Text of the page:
Dismiss Notice
Join Physics Forums Today!
The friendliest, high quality science and math community on the planet! Everyone who loves science is here!

How common is it for math majors to teach low level course?

  1. Sep 13, 2017 #1
    At the college I go to, there is somebody with a PHD in math who teaches Algebra 1. How common is this?
  2. jcsd
  3. Sep 13, 2017 #2


    User Avatar
    Science Advisor
    Gold Member
    2017 Award

    It's very common. He may be a great teacher. The freshman physics class I took was taught by Halliday, who was the department head and wrote Fundamentals of Physics by Halliday and Resnick, a very standard physics text. Feynman gave a famous series of lectures on physics even after he was famous. If they love the subject, they often love teaching it.
  4. Sep 13, 2017 #3


    User Avatar

    Staff: Mentor

    When I saw "math major" in the thread title, I thought you meant someone who is still an undergraduate, or possibly with only an undergraduate degree in math. One normally doesn't use that term to refer to someone with a PhD.
  5. Sep 14, 2017 #4
    The lowest level math course at the Air Force Academy is called Basic Math. Due to their performance on the placement exam, as well as a review of their math backgrounds, about 5% of incoming cadets (students) get placed in it. In my first year on the math faculty there, I determined that these cadets tended to do very poorly in downstream STEM courses that required algebra (Physics, Calculus, Engineering, etc.) and that WAAAAAY to many of these cadets ended up flunking out of the Air Force Academy as a result.

    The chain of command made it a very high priority to improve the retention and graduation rates of this cohort of students (referred to by some as the "trailers and failers.") Since I shared some unique ideas for improvement and had succeeded previously at revamping similar math courses at a community college, it wasn't long before they put me (a Physics PhD) and another experienced faculty member (a Math PhD) in charge of the course.

    We shifted the focus away from mechanical manipulations (solve this equation) toward modeling (word problems). What had been an 80/20 split mechanical/modeling became a 40/60 split on most homework assignments. Tests were 100% word problems (much better prep for Calculus, Physics, and Engineering which were the same). We dumped all the material that was rarely used downstream by non-STEM majors (sec, csc, cot, completing the square, complex numbers, law of sines, matrices, etc.) to focus on material that was heavily used downstream (SOHCAHTOA, substitution, lines, quadratics, graphing, parametric equations, coordinate systems,etc.) We also acquired funding and provided opportunities to get these (weakest 5%) involved in publication quality research. Consequently, success rates in downstream courses dramatically increased.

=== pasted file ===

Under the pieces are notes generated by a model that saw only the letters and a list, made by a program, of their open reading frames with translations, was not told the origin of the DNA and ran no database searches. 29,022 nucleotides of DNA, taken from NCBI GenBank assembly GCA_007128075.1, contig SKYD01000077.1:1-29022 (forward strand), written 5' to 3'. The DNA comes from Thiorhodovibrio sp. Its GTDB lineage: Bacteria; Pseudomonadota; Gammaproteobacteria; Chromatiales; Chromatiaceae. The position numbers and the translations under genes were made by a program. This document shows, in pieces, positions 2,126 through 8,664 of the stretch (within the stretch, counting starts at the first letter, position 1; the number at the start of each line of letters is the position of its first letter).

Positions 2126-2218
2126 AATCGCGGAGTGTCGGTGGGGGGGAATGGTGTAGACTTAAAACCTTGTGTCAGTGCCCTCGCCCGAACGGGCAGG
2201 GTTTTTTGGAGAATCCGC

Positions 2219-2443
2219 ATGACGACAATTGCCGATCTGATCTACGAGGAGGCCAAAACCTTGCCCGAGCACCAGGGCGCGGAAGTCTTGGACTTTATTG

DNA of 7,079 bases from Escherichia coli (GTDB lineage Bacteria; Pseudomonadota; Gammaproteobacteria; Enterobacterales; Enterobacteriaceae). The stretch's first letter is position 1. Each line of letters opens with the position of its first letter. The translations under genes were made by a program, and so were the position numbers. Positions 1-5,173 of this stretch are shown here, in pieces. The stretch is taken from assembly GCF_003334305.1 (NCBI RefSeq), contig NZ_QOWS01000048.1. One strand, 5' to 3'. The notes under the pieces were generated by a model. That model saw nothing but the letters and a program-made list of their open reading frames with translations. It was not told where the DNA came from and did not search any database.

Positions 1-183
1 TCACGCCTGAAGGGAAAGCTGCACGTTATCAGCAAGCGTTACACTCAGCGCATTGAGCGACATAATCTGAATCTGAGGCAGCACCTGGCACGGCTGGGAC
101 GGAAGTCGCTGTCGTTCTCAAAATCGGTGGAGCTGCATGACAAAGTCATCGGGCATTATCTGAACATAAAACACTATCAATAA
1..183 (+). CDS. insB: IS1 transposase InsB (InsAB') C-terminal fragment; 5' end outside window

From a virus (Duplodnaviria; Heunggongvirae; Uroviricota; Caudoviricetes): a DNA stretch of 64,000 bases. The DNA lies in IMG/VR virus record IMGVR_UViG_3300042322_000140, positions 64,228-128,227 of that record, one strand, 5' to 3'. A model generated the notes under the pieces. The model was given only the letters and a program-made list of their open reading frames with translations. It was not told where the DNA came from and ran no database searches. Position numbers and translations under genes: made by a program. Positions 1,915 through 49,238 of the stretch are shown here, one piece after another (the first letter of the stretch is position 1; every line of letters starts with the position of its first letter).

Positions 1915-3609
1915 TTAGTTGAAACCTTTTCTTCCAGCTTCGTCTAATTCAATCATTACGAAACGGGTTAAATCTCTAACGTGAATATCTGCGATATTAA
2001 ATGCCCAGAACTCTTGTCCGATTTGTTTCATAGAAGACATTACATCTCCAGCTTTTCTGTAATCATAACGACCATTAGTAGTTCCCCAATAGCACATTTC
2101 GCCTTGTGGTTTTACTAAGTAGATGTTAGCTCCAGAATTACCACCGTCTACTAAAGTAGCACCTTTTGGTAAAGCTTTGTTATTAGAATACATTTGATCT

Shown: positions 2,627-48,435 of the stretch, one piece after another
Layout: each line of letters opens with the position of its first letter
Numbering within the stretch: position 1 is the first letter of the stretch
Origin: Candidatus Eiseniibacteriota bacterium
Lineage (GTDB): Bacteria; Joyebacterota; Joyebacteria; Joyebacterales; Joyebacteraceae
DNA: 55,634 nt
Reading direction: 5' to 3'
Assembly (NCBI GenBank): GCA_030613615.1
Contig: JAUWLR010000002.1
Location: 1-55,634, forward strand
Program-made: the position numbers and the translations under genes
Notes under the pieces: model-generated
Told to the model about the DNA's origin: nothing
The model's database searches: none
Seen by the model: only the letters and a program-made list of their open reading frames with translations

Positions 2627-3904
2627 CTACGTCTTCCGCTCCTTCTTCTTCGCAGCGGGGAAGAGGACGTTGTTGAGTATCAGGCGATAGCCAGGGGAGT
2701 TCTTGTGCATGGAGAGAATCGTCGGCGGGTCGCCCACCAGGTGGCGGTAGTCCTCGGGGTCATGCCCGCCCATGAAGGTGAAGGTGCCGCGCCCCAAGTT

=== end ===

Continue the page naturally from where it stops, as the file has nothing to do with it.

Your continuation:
It's not that the junior officers (with Masters degrees in Math) who had been teaching the course in prior years were doing a bad job - they were doing exactly what their chain of command had told them to do - teach a defined list of topics from a defined textbook. But the focus was overly mechanical (solve this equation) and followed typical high school math topics too closely without due emphasis on the material actually needed downstream. The PhDs were able to apply a higher level approach: why does this cohort of students tend to do so poorly downstream, and how do we fix that? We were empowered to identify and fix the problem, and we were bold enough to make the sweeping changes needed to do it. Teaching the same course in the same way would have yielded the same results, even if we were marginally better classroom instructors.

    One key in success teaching college is realizing that much more learning occurs in the 2 hours of preparation students should be doing outside of class for each class hour than can occur in the classroom itself. There is more to be learned and mastered in a course than is usually possible in the 45 hours or so total of class meeting time. Directing how students spend that time outside of class and designing what happens in class to support and encourage that is more important than being able to explain each and every concept with perfect clarity. Directing students to the best resources to maximize their out of class productivity is also key. The final key to success is shaking students out of their fantasy that they might succeed in college with the half-hearted efforts that got them through high school.

    PhDs are not universally better at these things than those with Masters degrees. But we do tend to be a bit better at seeing the forest for the trees, thinking about the bigger picture, having the boldness to make the required changes, and not being manipulated by all the tricks students pull to attempt to pass without working very hard.
  6. Sep 26, 2017 #5


    Staff: Mentor

    When I did my degree we often had the best and most qualified teachers teach introductory courses - really high caliber people like Feynman and his famous lectures to freshman.


    If you don't get the basics right it can do irreparable damage - only your best teachers can ensure its done right.

    You didn't encounter them again until your final year subjects where they taught the advanced materiel - as you would expect.

  7. Sep 26, 2017 #6


    User Avatar
    Homework Helper
    Education Advisor
    Gold Member

    Common; maybe increasingly common.
    Teachers at a C.C. will have either Masters' degree or PhD, and the trend is for university graduates at least to try to get PhD.
    C.C. students have higher proportion of lower level Math students than university have (which is really just my guess - I have no statistical data to support).
Share this great discussion with others via Reddit, Google+, Twitter, or Facebook

Have something to add?
Draft saved Draft deleted